Cultural differences have fascinated me ever since my father told us, when I was about six years old, that some Chinese people ate birds’ nests. Why? I wondered. And did the Chinese use catsup on their nests? Did they cook them first?
Over the years I’ve come to understand that cultures don’t just influence our language and food preferences. They can even shape our most fundamental understandings.
Yesterday I realized it even influences our understanding of space.
I’ve been living with my husband for 40 years, and thought I knew him pretty well. But there is still room for surprises. We were discussing the best route to take to a farm shop we wanted to visit. I suggested that we start by going “down Rt. 603.” Yes, he nodded in agreement, and then “down the A-10.”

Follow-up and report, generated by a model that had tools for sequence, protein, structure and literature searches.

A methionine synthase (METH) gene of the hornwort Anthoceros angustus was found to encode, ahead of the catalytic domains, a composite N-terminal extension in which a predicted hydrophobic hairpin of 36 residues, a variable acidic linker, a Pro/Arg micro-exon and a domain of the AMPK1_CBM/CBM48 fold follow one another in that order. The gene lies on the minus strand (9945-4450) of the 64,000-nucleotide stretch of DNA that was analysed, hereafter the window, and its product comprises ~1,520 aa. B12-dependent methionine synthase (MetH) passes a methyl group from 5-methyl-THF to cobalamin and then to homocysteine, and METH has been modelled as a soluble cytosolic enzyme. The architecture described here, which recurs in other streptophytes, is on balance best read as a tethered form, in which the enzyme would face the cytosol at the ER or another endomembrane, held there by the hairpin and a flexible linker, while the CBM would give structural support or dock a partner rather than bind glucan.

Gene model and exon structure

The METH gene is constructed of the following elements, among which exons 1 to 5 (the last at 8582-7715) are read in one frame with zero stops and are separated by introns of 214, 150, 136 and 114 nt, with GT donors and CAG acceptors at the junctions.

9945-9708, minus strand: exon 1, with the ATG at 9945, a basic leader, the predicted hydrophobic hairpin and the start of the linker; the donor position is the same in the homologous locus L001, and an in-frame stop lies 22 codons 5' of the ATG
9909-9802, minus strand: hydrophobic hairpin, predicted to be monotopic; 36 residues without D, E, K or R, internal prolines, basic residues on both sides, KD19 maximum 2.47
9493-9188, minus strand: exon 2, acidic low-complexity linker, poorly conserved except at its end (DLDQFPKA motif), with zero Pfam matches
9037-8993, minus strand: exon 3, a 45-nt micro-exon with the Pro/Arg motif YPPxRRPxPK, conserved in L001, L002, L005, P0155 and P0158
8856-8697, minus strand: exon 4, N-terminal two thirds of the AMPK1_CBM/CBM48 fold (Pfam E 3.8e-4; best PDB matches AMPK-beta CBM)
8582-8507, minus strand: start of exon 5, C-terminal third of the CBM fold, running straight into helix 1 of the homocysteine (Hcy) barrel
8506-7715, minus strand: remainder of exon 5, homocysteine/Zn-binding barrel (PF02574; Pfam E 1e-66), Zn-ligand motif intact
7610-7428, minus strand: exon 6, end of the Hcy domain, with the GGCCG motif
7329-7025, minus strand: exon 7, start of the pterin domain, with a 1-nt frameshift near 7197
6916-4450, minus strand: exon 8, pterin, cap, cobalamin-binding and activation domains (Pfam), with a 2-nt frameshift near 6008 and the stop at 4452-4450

Down the A-10!? I asked in startled disagreement. “That’s going in exactly the wrong direction.”
Then I remembered.
Here in England one goes “up” to London, whether one is going north or south. So of course, if one is heading away from London, one goes “down,” even if it means heading north.
I asked Google where this conception of Up and Down came from. The most convincing answer I found was that the words are not directional in the sense of space but in the sense of social status. Since London is the capital of the country, it is always “up.” And if one is expelled from Cambridge or Oxford, one is “sent down,” even if one returns to the north.
Fascinating. It’s enough to get a foreigner going in circles sometimes. But we did make it to the farm shop — going “down” the A-10.